Borough of Copeland
|Borough of Copeland|
|Sovereign state||United Kingdom|
|Region||North West England|
|• Type||Copeland Borough Council|
|• Leadership:||Leader & Cabinet|
|• MPs:||Jamie Reed|
|• Total||282.5 sq mi (731.7 km2)|
|Population (2011 est.)|
|• Rank||Ranked 300th|
|• Density||250/sq mi (96/km2)|
|Time zone||Greenwich Mean Time (UTC+0)|
|• Summer (DST)||British Summer Time (UTC+1)|
|ONS code||16UE (ONS)
The Borough of Copeland is a local government district and borough in western Cumbria, England. Its council is based in Whitehaven. It was formed on 1 April 1974 by the merger of the borough of Whitehaven, Ennerdale Rural District and Millom Rural District.
Different explanations exist for the name. According to a document issued at the time of the borough's grant of arms, the name Copeland is derived from kaupland or bought land, the area of the Forest having been bought from the estate of St Bees Priory.
Angus Winchester (1985) upholds that the name kaupland derives from the Irish-Norse invasion of the area in the tenth century (Wainwright 1975). According to this explanation, the area was purchased from the Kingdom of Strathclyde, possibly with loot from Ireland. Geoffrey Hodgson (2008) argues that this Viking invasion accounts for the high frequency of the Hodgson surname in the area.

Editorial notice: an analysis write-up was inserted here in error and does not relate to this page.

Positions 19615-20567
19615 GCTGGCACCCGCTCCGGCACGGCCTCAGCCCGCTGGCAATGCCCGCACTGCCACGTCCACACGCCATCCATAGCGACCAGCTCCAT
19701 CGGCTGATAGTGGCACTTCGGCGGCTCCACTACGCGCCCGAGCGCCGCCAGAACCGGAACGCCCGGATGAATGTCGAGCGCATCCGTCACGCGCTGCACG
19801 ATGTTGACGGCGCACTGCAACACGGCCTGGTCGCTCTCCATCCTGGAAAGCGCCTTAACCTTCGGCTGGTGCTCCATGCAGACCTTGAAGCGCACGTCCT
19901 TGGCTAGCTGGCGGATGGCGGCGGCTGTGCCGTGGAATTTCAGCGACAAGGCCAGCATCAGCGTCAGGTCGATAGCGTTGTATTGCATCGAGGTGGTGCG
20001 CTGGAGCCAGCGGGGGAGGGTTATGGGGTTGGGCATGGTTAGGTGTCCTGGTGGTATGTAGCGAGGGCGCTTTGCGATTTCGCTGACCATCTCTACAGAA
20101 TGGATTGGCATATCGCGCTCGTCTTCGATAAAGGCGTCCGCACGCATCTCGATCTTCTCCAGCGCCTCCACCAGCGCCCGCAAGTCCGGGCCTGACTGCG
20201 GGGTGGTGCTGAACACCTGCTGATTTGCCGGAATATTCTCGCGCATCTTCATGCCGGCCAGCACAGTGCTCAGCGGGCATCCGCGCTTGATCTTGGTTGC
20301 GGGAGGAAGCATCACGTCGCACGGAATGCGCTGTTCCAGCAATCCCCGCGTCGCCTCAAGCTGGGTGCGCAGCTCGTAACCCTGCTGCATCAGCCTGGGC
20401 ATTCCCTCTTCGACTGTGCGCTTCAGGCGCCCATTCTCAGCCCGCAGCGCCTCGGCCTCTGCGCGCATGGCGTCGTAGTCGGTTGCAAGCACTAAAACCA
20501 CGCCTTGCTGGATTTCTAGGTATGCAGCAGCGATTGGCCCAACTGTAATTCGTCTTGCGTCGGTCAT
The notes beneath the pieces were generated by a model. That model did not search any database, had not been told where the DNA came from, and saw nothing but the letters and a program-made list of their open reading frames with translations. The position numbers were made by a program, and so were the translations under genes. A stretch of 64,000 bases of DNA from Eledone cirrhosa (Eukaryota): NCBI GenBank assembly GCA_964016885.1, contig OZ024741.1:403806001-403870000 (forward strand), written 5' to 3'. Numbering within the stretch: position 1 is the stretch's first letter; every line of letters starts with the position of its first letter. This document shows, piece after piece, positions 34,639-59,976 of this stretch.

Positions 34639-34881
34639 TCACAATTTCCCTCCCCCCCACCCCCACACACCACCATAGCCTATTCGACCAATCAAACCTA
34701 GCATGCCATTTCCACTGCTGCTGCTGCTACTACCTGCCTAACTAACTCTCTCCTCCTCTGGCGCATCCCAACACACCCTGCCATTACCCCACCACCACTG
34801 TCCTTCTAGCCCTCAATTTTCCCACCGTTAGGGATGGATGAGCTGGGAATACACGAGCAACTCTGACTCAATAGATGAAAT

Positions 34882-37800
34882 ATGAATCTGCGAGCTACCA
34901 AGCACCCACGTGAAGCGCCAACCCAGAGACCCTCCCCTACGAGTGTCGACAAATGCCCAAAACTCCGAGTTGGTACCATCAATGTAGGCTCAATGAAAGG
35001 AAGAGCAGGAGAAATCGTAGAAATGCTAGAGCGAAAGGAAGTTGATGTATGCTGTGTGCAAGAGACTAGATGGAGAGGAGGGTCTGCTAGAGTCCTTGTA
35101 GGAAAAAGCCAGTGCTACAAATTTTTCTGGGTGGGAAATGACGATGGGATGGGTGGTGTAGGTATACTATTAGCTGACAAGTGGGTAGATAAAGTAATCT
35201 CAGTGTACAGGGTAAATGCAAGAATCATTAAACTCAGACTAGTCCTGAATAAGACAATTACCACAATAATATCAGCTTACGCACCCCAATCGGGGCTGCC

Elections to the borough council are held every four years, with currently 51 councillors being elected at each election. Since the first election in 1973 the council has been under Labour control, apart from between 1976 and 1979 when it was under no overall control. As of the 2011 election the council is composed of the following councillors:-
- Hodgson, Geoffrey M. (2008) Hodgson Saga, second edition (Standon, Hertfordshire: Martlet Books).
- Wainwright, F. T. (1975) Scandinavian England: Collected Papers (Chichester: Phillimore).
- Winchester, Angus J. L. (1985) 'The Multiple Estate: A Framework for the Evolution of Settlement in Anglo-Saxon and Scandinavian Cumbria', in Baldwin, John R. and Whyte, Ian D. (eds) (1985) The Scandinavians in Cumbria (Edinburgh: The Scottish Society for Northern Studies), pp. 89–101.